Informal contact: In a virtual team people lack the informal exchange at the coffee machine or the chat over lunch. These brief encounters are vital to discuss that one random, but brilliant idea, or resolve an incident. In virtual teams you can simulate this bumping into each other with the aid of online tools. Keep a continuous chat function open, for example, or create a micro blogging group together. If members are using Twitter, encourage them to follow each other. Working in a virtual team requires assertiveness, the willingness to express concerns and not hesitating to ask questions or suggest an idea. These are important skills that virtual team members must learn.
Risk of fragmentation: A lack of involvement is a pitfall for each virtual team. If the virtual team has not met in person, members will invest less in it because they don’t feel connected. Make sure to emphasize the importance of virtual teamwork (listed below). Try to show the attractions of virtual work, such as new skills that will be learned. If needed make sure there are some face-to-face encounters. In larger teams, break up in smaller teams, so it’s easier to build personal relationships. Also, create milestones, deadlines and tangible results, or prototypes. This can – paradoxically – be done virtually: make results visible online, with for instance Trello.
Advantages of the virtual team
Virtual collaboration is a new way of working with a lot of advantages. We list some of them below.
- Use a broader mix of expertise: as a virtual team, you can invite an expert from the other side of the world to think along.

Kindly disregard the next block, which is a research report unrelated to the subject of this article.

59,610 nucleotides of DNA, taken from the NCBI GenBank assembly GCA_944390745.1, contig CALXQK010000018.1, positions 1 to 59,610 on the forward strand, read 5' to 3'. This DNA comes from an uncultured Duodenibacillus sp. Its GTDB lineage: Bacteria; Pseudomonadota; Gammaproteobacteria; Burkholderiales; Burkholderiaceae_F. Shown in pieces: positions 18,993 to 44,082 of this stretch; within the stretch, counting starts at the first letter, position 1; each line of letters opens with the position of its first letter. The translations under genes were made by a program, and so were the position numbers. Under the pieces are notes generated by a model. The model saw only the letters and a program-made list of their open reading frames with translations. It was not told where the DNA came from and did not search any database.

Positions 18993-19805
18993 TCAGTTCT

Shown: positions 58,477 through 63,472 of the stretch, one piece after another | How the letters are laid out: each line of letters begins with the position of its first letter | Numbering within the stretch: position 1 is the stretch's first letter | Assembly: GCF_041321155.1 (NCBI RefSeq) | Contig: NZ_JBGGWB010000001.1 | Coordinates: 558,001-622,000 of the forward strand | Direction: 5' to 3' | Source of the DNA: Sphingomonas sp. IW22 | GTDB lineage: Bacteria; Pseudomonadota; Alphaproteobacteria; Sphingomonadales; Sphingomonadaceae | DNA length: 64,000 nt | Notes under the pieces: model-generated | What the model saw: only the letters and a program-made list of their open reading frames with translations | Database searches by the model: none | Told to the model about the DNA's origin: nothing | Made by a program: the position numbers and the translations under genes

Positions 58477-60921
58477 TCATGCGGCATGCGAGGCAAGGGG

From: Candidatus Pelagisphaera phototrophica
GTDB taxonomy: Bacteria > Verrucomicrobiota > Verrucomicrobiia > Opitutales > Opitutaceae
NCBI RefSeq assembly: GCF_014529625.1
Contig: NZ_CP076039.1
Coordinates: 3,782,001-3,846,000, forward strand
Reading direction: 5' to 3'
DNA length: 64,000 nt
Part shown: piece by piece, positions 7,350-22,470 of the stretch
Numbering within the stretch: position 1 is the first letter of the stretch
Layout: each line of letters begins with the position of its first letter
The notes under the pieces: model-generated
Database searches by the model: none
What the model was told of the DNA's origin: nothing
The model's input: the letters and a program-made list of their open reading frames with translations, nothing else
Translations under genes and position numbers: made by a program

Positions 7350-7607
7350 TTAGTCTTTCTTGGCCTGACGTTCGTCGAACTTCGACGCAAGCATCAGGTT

- Encourage creativity through online tools: some of those spark a completely different way of communication and dialogue.
- More space for everyone to contribute: in the virtual world there is space for everyone. With the use of online media, most people will find it easier to speak up, also the shy ones. There is less need for centralised control over the communication.
- Co-operation with fewer boundaries: it’s easier to work across departmental or organizational limits, or limitations in time.
- Harvest knowledge: with online tools it’s easy to cast ideas and make them available to other people in different places. Think of a blog to collect experiences, a wiki for jointly developing ideas, a forum where team member are invited to upload images.
- Work more efficiently: make optimum use of time zones. If team members in India and Europe have completed their task, team members in America can move it forward.